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Posts by Immanuel Goldstein

[quote]Originally posted by ShawnPatrickJoyce: In Die Another Day, product placement is fairly prominent. We see a new Phillips poster in an abandonded subway station, plugs for Aston Martin ("Aston Martin calls [the car] the Vanquish, we call in the Vanish"), close-ups of a Sony-Ericson phone, and undoubtedly other advertisements. There's nothing really to detract from though. This movie is pretty average fare even for a Bond...
[quote]Originally posted by Powerdoc: His name is Mickael Lonsdale, he is a very good actor. Perhaps we know him more in France. He played in a lot of moovie and he has a delicious accent (at leas in French) he has played with Sean Connery in the film of JJ Anaud The name of the Rose (from a book of Umberto Eco).
His English accent is OK as well, while I remember him mostly form “Stavisky” and “Monsieur Klein”, his role of the abbott...
[quote]Originally posted by Splinemodel: Another thing I like about Bond films are the locations. In the older Bond films, there is some fabulous footage of interesting places in Europe and Asia, and I think it adds a lot.
I'm more familiar with the earlier Bond films (I lost track of them after the mid-70s), and they contributed much to my desire to travel. As for product placement, that's an old story, and not an always very...
While I found several BMW models of recent years to be quite pleasant aesthetically, the latest 7-series, the new Z4, and the upcoming 5-series seem to have been contaminated by the dis-harmonious design which has been plaguing several other car makers: see that odious Pontiac “crossover” vehicle whose name I forgot, that hideous smallish Cadillac (which has that angular box look of any normal car at the very end of its career), the ever-ugly Ford Focus, various Japanese...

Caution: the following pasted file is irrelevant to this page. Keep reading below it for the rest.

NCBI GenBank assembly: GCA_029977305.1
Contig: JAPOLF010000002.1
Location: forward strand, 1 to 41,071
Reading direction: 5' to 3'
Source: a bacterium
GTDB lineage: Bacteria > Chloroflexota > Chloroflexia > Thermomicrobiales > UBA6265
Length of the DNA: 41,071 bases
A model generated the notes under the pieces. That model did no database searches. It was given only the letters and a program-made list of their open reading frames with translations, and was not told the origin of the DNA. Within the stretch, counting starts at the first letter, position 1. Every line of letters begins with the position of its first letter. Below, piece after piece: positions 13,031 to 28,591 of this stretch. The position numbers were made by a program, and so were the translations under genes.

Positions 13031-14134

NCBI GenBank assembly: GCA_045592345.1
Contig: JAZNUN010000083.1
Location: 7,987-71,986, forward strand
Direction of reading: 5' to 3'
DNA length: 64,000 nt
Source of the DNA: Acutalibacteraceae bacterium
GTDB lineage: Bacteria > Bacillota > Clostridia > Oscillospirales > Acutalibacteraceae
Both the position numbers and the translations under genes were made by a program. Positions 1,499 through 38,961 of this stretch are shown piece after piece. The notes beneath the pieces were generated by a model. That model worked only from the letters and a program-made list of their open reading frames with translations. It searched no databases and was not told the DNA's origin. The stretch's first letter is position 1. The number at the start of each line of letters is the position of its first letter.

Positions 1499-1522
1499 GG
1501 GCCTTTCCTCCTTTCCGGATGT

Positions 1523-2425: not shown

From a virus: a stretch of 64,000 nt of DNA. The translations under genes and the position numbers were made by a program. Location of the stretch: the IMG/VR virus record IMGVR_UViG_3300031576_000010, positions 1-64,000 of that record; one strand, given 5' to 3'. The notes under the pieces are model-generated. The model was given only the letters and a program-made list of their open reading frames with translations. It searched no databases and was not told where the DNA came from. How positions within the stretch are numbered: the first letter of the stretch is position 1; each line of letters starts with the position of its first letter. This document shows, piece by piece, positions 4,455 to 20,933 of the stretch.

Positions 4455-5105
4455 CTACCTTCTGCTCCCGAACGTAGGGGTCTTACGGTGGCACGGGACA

The Macintosh concept itself is a design classic, but so are many Mac models. A very subjectively personal list. The original 128K Mac of course. The Mac II for breaking out of the all-in-one mold. The Bondi iMac for re-inventing the all-in-one concept (an exercise several PC makers attempted in the early 90s with very forgettable results), and dumping the floppy disk. The Blue & White G3 despite many shortcoming (limited expandability etc…), a thoroughly practical and...
I'm rather curious to see what real spacecrafts will look like (beyond our current crop of primitive satellite or probe carriers), but today it looks to me even less likely that I'll live long enough for that, than it did a few decades ago.
I certainly prefer the simple shape of the real plane to the cluttered appearance of the movie starship with its exposed plumbing, which has been looking outdated the day it appeared. Yes, even the F-4 Phantom (or when I come to think of, the A-4 Skyhawk) looked more future-like back in the seventies.
That a school forbids clothing bearing a commercial name seems a bit unreasonable to me, despite my having a deep dislike for the sheer vulgarity of wearing advertisements. But a public school engaging in advertising activities such as a “Coca-Cola rally” is far beyond unreasonable. It's the first time I hear of such things happening outside of bad science-fiction stories. Wearing a “Pepsi” shirt was certainly a lame retort. Now, a more direct “Coca-Cola sux!” shirt would...
[quote]Originally posted by ZO: Now, someone please tell WHY the hell I can't use Textedit to write in Arabic nor Hebrew?
Sounds mysterious to me, given that I can write Hebrew, Arabic, Yiddish, as well as Persian, in TextEdit on Jaguar. There's one warning though: given that MacOS X handles bi-directionals differently than MacOS 9, some older fonts won't display proplerly, if you stick with the fonts provided with Jaguar, I think you...
Back in the early 1990s, NeXT used to be a hardware company making 68k boxes running NeXTStep. Then it became a software company and ported NeXTStep to x86, but also to Sun's Sparc, HP's PA-RISC, Digital's Alpha (remember these?), not to mention having OpenStep which ran over other people's OSes (including Windows NT). NeXT was really good at this being-a-software-company thing, not that it was putting them on the road to prosperity, luckily for them, there was a...
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